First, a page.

A Trump administration official attending a conference in Boston on Friday repeatedly refused to say when the agency’s review of the Vineyard Wind project would be completed.
The Bureau of Ocean Energy Management put the offshore wind farm on hold indefinitely in early August while it tries to gain a better understanding of the cumulative impact of the many East Coast wind farm projects currently in the pipeline. With the project in danger of being canceled if the delay lasts too long, James Bennett, the renewable energy program manager at the Bureau of Ocean Energy Management, gave no indication of when the agency’s review will be completed.
“It’s going to take some time, longer than we expected for this project,” said Bennett, who was asked about the agency’s timetable by Attorney General Maura Healey’s chief of staff, Mike Firestone. Bennett was at the Sheraton Boston Hotel taking part in an offshore wind panel at an eastern region meeting of the National Association of Attorneys General.
After the panel was over, Bennett again refused to elaborate. “We’re working on a schedule to complete whatever we have to do to keep the project moving forward,” he said.
Cindy Arcate, the president of Power Options, an energy-buying consortium for New England nonprofits, said she understood the desire to see how Vineyard Wind would interact with other projects down the road, particularly in terms of impact on commercial fishermen. But she said it was also risky to assume all of the proposed wind farms will get built.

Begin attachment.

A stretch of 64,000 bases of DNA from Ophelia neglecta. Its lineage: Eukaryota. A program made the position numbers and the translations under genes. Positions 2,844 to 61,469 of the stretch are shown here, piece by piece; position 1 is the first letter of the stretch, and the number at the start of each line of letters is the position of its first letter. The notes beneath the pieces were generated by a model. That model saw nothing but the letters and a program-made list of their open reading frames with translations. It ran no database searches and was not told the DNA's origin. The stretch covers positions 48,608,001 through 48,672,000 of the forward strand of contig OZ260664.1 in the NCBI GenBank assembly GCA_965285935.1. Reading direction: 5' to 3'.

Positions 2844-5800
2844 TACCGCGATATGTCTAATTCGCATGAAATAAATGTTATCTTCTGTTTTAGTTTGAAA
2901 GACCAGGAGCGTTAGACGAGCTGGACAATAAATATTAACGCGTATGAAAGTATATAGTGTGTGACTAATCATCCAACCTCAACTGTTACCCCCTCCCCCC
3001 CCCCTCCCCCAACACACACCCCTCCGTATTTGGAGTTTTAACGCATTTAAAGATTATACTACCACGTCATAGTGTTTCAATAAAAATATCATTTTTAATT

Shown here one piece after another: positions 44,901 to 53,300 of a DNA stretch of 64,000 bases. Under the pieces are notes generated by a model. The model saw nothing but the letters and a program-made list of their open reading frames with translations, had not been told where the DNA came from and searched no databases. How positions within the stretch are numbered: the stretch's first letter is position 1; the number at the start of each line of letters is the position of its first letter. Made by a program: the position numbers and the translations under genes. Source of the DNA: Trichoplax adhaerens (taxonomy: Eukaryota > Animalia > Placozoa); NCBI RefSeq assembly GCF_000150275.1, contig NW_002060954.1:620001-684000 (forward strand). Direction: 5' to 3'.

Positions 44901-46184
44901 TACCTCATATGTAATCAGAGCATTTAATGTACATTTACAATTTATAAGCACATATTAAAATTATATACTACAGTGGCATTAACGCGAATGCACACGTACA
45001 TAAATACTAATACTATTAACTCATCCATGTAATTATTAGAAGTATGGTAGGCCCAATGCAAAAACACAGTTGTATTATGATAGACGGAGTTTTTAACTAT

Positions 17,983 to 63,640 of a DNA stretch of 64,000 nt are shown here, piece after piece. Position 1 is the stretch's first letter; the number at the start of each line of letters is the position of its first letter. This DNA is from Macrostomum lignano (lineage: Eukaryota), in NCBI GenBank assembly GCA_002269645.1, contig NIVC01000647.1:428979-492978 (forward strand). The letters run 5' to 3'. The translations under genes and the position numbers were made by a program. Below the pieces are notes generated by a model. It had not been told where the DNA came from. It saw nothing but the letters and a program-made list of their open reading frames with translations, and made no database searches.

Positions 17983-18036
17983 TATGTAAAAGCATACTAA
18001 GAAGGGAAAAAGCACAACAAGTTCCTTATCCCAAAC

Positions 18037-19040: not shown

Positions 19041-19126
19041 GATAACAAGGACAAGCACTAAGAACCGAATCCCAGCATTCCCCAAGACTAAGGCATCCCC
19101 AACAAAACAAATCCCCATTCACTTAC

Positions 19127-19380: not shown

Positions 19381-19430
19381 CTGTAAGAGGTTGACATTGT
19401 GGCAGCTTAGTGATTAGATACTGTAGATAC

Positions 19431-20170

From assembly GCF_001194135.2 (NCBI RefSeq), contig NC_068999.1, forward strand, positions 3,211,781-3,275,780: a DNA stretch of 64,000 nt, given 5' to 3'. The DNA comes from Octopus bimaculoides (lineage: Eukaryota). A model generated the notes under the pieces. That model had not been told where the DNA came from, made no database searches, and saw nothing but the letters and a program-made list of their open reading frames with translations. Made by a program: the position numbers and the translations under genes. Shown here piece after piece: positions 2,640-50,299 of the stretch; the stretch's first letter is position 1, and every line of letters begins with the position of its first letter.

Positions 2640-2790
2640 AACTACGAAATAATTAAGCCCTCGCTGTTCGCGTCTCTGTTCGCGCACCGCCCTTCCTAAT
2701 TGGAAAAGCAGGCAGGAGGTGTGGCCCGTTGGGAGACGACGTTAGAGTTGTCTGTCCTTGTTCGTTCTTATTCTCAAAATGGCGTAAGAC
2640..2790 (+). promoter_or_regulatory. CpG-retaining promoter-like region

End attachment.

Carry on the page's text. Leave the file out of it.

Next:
“What is the harm of moving forward?” she asked.
New Bedford Mayor Jon Mitchell, who was a member of the panel, said the Vineyard Wind project probably needs some tweaks. But he also said the Trump administration should move the project forward expeditiously.
“It’s much easier to get a handle on cumulative impacts when you have some impacts,” he said.
There has been a lot of speculation about the Trump administration’s decision to put the brakes on the Vineyard Wind project. Some have speculated that Trump, based on some of his comments about offshore wind, is behind the delays. But some officials at Friday’s conference said privately that they think the biggest problem is high employee turnover at the agency.
The other issue that the panel discussed was whether each wind farm should build its own transmission line to shore or whether a separate company should build a main transmission line to serve all the wind farms in an area.
Lars Pedersen, the CEO of Vineyard Wind and a member of the panel, criticized calls for centralized transmission facilities, saying they would drive up costs and not reduce the number of transmission lines needed to bring power ashore.
Pedersen said the biggest transmission concern for offshore wind is not the power lines to shore but the transmission lines once the power reaches shore. One of the perceived advantages of wind farms is their close proximity to population centers, where power is needed. But Pedersen said the infrastructure needed to feed that electricity into the power grid is inadequate.
“That is an area that will be the next inhibitor to the offshore wind industry,” he said.
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